Do shoulder impingement physical tests work? - Upright Health

Do shoulder impingement physical tests work?

Why think about special tests for the shoulder?

When people are told they have shoulder impingement, there are a number of physical maneuvers or "special tests" that doctors will use to investigate their problem.

These special tests are supposed to provide useful information that tells you whether you have true "impingement." These special tests, however, are extremely problematic. Based on the available research, these tests don't actually tell you anything of value!

A primer on sensitivity and specificity

There are two concepts you need to understand here. Sensitivity is how good a test is at spotting true positives. Specificity is how good a test is at spotting a true negative.

Sensitivity is how good a test is at spotting true positives. Specificity is how good a test is at spotting a true negative.

A metal detector is a great illustration of sensitivity and specificity. If you send 100 people with metal in their pockets through the metal detector, you want it to give you a positive response 100 timesIf the metal detector gives you 100 positive responses, it has a sensitivity of 100%. Its specificity, however, would be unknown.

To know the specificity, you have to have some negative cases. Let's say we send 100 people through a metal detector with no metal in their pockets. We want the metal detector to give us 100 negative responses. If it gives us 100 negatives, then it has specificity of 100%! What's the sensitivity? We don't know unless we have positive cases.

So now we send 100 people through. This time 90 people do not have metal in their pockets, and 10 people have metal in their pockets. If the metal detector gives us 90 positives and 10 negatives on all the right people, it has a sensitivity of 100% and a specificity of 100%!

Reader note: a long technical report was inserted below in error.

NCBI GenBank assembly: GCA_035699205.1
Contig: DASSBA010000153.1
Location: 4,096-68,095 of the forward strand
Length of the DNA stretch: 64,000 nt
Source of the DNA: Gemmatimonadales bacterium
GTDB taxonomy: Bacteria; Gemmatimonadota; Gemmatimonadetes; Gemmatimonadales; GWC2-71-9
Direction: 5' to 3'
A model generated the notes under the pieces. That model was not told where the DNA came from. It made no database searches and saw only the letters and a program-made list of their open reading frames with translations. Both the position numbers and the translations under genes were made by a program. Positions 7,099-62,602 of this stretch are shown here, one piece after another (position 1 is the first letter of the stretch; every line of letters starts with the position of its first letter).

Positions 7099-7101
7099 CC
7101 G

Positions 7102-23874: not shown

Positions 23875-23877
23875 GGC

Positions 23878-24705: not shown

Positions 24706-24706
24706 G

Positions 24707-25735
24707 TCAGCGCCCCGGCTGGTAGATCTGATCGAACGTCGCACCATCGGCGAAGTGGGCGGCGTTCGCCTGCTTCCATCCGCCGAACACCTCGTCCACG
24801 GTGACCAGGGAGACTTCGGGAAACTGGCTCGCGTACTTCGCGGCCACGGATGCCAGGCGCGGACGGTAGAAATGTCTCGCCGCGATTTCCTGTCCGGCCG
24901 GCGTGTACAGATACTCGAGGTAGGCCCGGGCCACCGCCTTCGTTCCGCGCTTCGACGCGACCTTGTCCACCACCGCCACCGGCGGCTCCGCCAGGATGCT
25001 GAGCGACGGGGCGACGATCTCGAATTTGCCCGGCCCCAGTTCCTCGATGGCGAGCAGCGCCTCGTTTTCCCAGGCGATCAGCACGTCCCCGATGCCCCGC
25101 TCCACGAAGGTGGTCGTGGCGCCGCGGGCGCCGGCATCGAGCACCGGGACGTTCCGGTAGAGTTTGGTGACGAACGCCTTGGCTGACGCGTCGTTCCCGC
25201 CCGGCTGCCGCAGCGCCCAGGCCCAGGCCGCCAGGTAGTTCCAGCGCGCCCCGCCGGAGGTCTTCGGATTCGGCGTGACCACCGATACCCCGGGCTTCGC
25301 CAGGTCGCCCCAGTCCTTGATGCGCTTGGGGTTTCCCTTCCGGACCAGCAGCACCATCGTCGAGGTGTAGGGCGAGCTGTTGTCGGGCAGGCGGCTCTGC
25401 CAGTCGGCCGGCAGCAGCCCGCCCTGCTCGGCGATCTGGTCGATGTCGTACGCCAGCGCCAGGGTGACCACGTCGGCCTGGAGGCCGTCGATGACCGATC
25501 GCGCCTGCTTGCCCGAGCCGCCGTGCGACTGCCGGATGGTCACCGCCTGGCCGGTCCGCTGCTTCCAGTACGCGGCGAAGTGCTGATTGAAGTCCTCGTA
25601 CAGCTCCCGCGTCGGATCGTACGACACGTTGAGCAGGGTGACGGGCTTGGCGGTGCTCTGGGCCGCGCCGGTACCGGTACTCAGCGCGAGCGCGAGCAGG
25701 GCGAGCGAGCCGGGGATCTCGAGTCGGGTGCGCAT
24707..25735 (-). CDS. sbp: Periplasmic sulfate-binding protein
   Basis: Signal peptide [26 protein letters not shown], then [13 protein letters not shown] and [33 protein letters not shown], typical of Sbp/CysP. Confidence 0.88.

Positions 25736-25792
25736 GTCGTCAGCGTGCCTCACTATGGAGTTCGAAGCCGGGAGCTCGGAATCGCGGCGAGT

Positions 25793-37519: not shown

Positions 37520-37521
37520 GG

If, however, the metal detector gives us 100 positives, that means its sensitivity is 100% (it caught ALL the 10 people with metal), and its specificity was 0% (because it missed ALL the people who had no metal in their pockets).

If the metal detector gives us 100 negatives, its sensitivity is 0% (it didn't catch ANY of the 10 people with metal), and its specificity is 100% (it caught all the 90 people without metal). 

The point is this: you need to have high sensitivity AND high specificity for a test to be of much use. If it has high sensitivity and low specificity, it has a very high risk of giving you false positives.

The point is this: you need to have high sensitivity AND high specificity for a test to be of much use. If it has high sensitivity and low specificity, it has a very high risk of giving you false positives.

How do special tests for shoulder impingement measure up?

There are a number of different shoulder tests that are supposed to tell you whether you have true "shoulder impingement." In 2000, Calis et al examined a number of tests.

Test name

Sensitivity %

Specificity %

Accuracy %

Hawkins

92.1

25

72.8

Neer

88.7

30.5

72

Horizontal Adduction

82

27.7

66.4

Speed

68.5

55.5

64.8

Yergason

37

86.1

51.2

Painful arc

32.5

80.5

46.4

Drop Arm

7.8

97.2

33.6

As you can see, the accuracy numbers for all these tests tops out at 72.8%. But that's not the full story. For the most "accurate" tests, you can see abysmally low specificity numbers.